Fleming said he’s offered to talk to Kurata and anybody else who has concerns about the special taxing district. He said he thinks the public will be accepting of the district once they understand the special tax is being used to create new pieces of public infrastructure, such as streets, turning lanes, sidewalks, lighting and storm water ponds.
Fleming said he also believes the type of development will make the tax palatable.
“For most people buying a taco, I don’t think the tax is a big deal,” Fleming said. “The type of development we’re doing is centered on neighborhood convenience. It is nice to have those type of activities close to home so you don’t have to drive far to get those items. But you also have to pay for it.”
A manager at CVS referred all questions about the tax to CVS’s corporate office. Attempts to reach the designated spokesman were not successful.
Across the state
Lawrence is far from alone in creating special taxing districts for new retail developments. Several communities started offering the incentive to retail developments — which under state law can’t receive property tax abatements — in 2006.
According to the latest report from the Kansas Department of Revenue, there are now 29 of the transportation development districts scattered across the state. Among cities that have the special districts are: Basehor, Ellsworth, Hays, Kansas City, Lansing, Leawood, Manhattan, Olathe, Overland Park, Pittsburg, and Roeland Park.
The Kansas City and Johnson County area has multiple special taxing districts. The area around the Kansas Speedway in western Wyandotte County has at least six of the special districts, with sales taxes in the area varying from 7.55 percent to 8.55 percent.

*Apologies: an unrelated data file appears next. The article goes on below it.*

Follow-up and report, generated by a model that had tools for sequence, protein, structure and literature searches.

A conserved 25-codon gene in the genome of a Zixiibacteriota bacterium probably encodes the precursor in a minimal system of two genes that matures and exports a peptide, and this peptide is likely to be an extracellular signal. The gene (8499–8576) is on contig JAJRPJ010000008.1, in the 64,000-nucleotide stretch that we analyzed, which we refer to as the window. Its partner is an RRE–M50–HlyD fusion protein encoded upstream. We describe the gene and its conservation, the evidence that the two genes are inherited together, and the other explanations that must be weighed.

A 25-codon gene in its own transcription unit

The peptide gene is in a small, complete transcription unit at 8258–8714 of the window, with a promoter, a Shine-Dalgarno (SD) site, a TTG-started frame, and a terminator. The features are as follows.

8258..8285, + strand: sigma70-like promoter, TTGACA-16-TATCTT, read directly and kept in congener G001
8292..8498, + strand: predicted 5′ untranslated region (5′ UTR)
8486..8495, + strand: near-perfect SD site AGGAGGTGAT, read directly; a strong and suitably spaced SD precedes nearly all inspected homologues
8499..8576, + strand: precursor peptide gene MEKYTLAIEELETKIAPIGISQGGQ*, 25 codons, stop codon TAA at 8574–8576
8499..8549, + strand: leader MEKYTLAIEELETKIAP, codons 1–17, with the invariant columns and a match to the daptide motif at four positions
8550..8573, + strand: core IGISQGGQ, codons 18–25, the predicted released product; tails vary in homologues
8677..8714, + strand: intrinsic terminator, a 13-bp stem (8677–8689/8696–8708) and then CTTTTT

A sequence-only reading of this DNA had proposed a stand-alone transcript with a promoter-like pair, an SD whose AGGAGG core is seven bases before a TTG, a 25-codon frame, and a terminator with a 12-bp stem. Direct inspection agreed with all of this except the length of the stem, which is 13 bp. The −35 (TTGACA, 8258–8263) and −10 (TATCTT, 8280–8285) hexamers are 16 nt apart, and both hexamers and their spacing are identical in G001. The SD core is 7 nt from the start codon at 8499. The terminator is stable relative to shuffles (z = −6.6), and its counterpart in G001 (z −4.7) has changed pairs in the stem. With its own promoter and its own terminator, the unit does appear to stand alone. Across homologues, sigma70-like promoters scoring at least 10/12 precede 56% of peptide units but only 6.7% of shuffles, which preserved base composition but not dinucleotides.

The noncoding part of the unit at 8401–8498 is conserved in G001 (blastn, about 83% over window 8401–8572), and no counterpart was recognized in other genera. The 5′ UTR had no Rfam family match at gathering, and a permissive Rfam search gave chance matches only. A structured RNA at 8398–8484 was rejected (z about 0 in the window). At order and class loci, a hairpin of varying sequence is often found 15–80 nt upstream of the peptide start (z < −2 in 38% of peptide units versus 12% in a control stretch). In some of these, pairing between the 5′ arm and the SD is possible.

Olathe has several districts along the 119th Street corridor; Overland Park has districts near 135th and Metcalf and near Quivira Road and 95th Street; and Leawood has districts near Nall Avenue and 117th Street and near 119th and Roe. The Leawood districts charge a tax rate of 9.05 percent, currently the highest in the state. Lawrence’s two special districts, at 8.85 percent, are currently the second-highest sales tax locations in the state.
Figuring out exactly where the districts are, though, can be difficult. For people who take the time to look at the Department of Revenue’s quarterly listing of sales tax rates, there is a list of the special taxing districts with a brief geographic description.
But sometimes those descriptions are vague. In the Kansas Speedway District, the department listing says “various addresses within the range of 10500 to 10824 Parallel Parkway, even only,” charge a rate of 8.15 percent. That’s the exact same description for a separate district that charges 8.55 percent, meaning that within one block there are two separate sales tax rates.
Thus far, the issue hasn’t been drawing concern at the Statehouse. Sen. Tom Holland, D-Baldwin City and a member of the Senate’s Assessment and Taxation Committee, said he hasn’t heard from constituents concerned about sales tax confusion.
“There probably is an awareness issue, though,” Holland said.
Kurata knows how he’s going to deal with that issue.
“I tell people they really need to check their receipts,” Kurata said.